Training manual - Foreword
The Institute for Health and Consumer Protection of the Joint Research Centre of the European Commission and the Food Safety Programme within the European Centre for Environment and Health - Rome Division (ECR) of the World Health Organization have jointly organised a series of training courses on "The Analysis of Food Samples for the Presence of Genetically Modified Organisms".
The Joint Research Centre gives scientific and technical support to EU policies by collaborating with EC Directorates General and by interacting with European Institutions, Organizations and Industries through networking with Member State laboratories. The overall task of the WHO's ECR is to provide support in a complete and coordinated way to both decision-makers and to European citizens in the environmental health field. These training courses are part of collaboration between both Institutions to promote food safety related issues in the WHO European Region, within and beyond actual EU borders, taking into special consideration EU Accession Countries, as well as Central and Eastern Countries with transitional economies.
The scope of the training courses is to assist staff of control laboratories to become accustomed with molecular detection techniques, and to help them adapt their facilities and work programmes to include analyses which comply with worldwide regulatory acts in the field of biotechnology. The courses are intended to teach molecular detection techniques to laboratory personnel with a good level of analytical knowledge, but with no or little expertise in this specific domain.
The Joint Research Centre has been committed to providing training in detection and quantification of GMOs and, besides the training courses, it offers, and has offered in the past, individual training for specific needs. Training in this topic has been frequently requested due to its importance according to the increasing need to comply with the current and developing European legislative framework.
Over the years, the Molecular Biology and Genomics Unit has developed a profound knowledge of the different aspects related to GMO detection and quantification, and has designed, adapted or validated advanced methods for their detection and quantification.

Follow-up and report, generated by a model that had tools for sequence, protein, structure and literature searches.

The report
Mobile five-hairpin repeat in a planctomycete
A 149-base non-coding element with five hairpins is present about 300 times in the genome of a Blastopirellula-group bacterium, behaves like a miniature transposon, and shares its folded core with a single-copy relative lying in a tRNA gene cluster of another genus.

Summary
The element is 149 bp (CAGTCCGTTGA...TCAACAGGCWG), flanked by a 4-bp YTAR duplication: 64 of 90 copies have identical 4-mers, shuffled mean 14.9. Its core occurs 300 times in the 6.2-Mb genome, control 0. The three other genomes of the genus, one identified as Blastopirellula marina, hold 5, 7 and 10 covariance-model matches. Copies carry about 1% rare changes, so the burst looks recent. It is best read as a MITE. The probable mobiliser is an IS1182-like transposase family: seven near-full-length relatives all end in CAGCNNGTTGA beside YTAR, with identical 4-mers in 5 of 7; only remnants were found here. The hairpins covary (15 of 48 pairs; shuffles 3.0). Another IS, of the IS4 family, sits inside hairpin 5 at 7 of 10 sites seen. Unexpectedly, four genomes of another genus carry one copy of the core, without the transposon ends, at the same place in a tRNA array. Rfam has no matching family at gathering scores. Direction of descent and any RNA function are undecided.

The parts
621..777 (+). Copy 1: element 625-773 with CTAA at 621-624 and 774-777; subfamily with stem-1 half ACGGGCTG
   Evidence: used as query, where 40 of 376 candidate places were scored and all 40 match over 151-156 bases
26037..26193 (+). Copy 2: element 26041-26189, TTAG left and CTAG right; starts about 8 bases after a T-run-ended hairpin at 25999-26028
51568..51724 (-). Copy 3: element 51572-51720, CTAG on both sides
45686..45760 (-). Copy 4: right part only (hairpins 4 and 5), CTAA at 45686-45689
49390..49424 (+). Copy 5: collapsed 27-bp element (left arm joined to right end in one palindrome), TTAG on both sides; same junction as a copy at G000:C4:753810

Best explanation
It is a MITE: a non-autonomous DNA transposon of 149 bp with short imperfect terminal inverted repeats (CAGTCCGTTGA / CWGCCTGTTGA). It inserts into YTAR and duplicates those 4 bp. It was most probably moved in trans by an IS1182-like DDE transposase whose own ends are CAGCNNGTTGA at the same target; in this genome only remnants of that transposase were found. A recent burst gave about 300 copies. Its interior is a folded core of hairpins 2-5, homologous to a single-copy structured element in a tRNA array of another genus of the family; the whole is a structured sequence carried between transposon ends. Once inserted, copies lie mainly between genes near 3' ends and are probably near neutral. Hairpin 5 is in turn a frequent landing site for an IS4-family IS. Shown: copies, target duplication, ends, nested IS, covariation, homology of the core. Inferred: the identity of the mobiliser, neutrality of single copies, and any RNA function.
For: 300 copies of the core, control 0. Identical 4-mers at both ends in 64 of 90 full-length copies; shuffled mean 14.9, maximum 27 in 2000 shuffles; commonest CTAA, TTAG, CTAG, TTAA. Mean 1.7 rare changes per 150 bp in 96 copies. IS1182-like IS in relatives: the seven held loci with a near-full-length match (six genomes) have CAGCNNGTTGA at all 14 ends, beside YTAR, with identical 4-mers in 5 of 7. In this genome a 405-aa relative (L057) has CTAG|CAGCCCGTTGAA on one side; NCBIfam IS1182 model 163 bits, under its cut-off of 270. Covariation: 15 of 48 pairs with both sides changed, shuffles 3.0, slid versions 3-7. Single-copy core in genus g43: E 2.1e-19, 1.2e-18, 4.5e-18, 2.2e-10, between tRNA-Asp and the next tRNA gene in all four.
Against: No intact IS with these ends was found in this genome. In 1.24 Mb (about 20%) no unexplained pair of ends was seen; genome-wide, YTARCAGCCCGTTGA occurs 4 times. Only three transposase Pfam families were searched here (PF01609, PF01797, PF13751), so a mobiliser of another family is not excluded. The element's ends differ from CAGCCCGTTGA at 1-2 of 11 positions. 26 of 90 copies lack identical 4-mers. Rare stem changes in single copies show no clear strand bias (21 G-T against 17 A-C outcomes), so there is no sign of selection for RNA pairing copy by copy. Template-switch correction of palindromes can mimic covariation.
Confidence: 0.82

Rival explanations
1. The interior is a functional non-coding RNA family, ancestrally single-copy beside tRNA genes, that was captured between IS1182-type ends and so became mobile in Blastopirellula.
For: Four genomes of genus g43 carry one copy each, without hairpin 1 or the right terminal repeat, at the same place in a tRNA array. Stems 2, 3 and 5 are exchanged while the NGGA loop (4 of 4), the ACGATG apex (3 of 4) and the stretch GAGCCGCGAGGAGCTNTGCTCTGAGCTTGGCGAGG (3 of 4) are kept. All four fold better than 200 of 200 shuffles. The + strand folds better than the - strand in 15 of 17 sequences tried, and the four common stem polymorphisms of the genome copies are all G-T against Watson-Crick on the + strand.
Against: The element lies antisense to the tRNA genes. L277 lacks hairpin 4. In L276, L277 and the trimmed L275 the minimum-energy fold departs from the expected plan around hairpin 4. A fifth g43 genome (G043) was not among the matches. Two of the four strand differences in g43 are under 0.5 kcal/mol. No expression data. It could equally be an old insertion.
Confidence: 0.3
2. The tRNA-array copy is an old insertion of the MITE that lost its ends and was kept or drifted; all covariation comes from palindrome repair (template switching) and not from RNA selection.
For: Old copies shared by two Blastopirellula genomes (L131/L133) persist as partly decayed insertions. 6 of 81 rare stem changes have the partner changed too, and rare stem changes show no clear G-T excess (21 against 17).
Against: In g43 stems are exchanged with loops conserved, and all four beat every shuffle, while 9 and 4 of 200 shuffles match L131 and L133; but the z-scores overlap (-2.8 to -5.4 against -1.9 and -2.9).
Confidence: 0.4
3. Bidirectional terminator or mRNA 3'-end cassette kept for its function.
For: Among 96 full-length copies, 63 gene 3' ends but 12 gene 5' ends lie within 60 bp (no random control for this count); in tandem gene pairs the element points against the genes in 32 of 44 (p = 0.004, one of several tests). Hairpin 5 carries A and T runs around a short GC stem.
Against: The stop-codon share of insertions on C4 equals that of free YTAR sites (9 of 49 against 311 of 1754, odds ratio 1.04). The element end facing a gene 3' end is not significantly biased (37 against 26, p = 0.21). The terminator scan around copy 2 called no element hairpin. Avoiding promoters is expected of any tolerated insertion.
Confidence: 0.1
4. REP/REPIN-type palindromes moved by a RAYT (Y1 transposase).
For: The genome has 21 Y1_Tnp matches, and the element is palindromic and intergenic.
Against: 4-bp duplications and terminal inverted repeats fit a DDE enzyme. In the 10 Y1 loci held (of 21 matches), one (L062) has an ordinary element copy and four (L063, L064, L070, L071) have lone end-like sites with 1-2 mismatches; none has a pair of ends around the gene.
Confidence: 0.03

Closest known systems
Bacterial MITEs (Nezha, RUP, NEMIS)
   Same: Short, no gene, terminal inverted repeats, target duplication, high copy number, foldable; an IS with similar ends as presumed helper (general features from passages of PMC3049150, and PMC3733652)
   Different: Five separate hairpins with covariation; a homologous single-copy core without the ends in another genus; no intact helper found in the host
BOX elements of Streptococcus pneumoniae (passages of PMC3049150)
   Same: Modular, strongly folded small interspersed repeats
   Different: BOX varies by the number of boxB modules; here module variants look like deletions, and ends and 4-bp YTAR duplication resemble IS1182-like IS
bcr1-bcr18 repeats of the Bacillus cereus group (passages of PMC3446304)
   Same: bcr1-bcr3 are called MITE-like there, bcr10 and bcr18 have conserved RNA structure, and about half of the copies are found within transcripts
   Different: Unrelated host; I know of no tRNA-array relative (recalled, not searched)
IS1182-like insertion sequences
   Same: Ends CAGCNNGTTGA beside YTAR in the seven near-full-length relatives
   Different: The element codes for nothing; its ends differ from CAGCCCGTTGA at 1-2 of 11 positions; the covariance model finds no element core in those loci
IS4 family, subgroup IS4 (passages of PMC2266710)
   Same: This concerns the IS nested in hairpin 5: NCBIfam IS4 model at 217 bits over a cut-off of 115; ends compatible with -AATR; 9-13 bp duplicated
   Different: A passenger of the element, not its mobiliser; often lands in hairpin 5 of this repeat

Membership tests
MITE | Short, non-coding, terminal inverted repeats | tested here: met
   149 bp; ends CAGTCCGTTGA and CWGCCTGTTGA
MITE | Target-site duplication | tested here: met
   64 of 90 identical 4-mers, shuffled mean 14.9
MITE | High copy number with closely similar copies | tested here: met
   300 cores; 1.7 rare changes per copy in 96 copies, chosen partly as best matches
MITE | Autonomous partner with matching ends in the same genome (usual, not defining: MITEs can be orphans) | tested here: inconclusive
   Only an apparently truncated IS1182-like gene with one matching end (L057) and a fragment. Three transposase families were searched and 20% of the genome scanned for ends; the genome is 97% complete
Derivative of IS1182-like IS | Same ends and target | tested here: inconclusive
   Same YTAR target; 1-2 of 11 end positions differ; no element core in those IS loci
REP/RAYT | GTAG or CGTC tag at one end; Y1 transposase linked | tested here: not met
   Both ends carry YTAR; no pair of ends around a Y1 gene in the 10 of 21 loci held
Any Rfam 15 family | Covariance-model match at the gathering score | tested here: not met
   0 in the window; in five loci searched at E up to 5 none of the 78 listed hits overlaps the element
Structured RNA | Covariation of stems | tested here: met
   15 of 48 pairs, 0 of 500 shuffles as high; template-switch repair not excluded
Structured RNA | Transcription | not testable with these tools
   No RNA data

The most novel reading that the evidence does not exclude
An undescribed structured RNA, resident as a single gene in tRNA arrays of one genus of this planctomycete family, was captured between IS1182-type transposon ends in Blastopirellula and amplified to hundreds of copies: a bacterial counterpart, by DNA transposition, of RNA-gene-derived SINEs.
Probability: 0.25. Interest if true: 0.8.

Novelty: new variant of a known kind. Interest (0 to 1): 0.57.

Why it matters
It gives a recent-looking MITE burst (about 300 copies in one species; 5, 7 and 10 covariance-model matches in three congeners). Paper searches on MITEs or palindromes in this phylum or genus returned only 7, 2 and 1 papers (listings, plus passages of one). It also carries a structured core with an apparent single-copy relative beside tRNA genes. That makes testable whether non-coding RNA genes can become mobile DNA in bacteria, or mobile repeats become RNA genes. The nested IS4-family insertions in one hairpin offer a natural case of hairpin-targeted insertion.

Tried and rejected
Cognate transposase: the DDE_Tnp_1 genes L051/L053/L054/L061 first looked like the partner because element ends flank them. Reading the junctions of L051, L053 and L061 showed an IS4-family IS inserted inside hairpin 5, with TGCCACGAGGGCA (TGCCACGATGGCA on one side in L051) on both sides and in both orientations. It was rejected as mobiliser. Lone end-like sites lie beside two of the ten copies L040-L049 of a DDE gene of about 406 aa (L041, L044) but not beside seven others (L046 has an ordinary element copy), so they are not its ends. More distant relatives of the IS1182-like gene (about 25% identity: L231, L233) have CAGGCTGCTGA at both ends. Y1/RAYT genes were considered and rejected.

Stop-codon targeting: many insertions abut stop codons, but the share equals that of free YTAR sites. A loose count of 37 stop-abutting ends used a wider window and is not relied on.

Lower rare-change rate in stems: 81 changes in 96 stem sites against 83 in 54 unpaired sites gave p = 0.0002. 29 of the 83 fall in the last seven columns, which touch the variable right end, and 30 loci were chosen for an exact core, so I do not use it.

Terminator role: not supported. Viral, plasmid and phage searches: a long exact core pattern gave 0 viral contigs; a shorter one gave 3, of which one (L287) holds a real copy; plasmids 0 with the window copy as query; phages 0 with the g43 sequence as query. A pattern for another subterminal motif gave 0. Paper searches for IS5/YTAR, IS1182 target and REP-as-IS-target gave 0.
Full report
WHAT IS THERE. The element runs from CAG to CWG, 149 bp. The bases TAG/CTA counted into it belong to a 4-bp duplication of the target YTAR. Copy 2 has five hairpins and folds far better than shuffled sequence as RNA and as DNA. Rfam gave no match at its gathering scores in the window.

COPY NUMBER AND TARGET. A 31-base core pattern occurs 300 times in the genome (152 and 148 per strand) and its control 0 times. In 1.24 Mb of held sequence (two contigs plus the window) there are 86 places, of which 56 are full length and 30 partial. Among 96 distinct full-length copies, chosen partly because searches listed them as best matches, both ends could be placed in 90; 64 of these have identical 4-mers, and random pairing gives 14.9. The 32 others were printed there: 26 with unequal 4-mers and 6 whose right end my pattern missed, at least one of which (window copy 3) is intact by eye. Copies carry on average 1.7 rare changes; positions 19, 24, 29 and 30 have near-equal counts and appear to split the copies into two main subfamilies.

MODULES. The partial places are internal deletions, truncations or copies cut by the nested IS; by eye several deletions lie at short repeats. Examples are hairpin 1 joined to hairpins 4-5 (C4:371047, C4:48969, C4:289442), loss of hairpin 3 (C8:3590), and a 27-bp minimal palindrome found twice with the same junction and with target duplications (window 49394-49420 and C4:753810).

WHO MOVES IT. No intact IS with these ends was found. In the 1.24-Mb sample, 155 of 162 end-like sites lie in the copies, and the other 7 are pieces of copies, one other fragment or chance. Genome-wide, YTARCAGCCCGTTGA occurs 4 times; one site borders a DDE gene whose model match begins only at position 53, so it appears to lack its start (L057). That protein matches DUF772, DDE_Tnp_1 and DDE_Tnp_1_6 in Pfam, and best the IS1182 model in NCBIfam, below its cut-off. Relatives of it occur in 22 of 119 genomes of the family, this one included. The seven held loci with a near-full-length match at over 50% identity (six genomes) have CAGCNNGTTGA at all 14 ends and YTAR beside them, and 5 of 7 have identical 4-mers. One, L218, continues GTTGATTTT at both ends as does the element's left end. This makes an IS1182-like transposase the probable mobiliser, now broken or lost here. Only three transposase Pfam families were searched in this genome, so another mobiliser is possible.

Knowledge of these techniques has been transferred to collaborating laboratories through publications, collaborative projects, individual training or specific courses. Technical details have also been provided to trainees as oral presentations or brief written outlines. Aware of the need for a permanent source of information, the Molecular Biology and Genomics Unit staff developed this manual, which describes some of the techniques used in our laboratory.
The following areas are covered throughout the courses;
- DNA extraction from raw and processed materials
- Screening of foodstuffs for the presence of GMOs by simple Polymerase Chain Reaction and by nested Polymerase Chain Reaction
- Quantification of GMOs in ingredients by real-time Polymerase Chain Reaction
- Quantification of GMOs in ingredients by the Enzyme-Linked ImmunoSorbent Assay
This Manual has been prepared at the Joint Research Centre, Institute for Health and Consumer Protection (IHCP) as background information for course participants and is intended to provide the theoretical and practical information on methodologies and protocols currently used. The subject matter covers a wide variety of techniques for GMOs detection, identification, characterisation, and quantification, and includes theoretical information considered important background information for anyone wishing to enter and work in the field of GMO detection.
It is our hope that the structure and content of this manual will help course participants (as well as other users) in the diffusion and dissemination of the acquired skills in the context of the different working environments according to needs.
In no way was there an attempt to compete with information available in textbooks or journals. This manual aims to complement existing information in the specialised literature. In addition, compiling this information as loose sheets in a binder makes it easy to update the techniques, thereby reducing the need for frequent revised editions.
To facilitate diffusion and consultation, this publication is also available online at: http://gmotraining.jrc.ec.europa.eu.
JRC staff members who participated in the preparation of this manual were supervised by Maddalena Querci and are mentioned in the Table of Content according to their contribution.
A special recognition and acknowledgment is hereby also given to all Molecular Biology and Genomics Unit personnel who, even not individually mentioned, contributed to the successful preparation of the manual.
Thanks are also extended to Sabrina Miglierina, Elisabeth Dilger, Manuela Zingales, Stephen Langrell and Steven Price for their support and collaboration for the revision of this manual.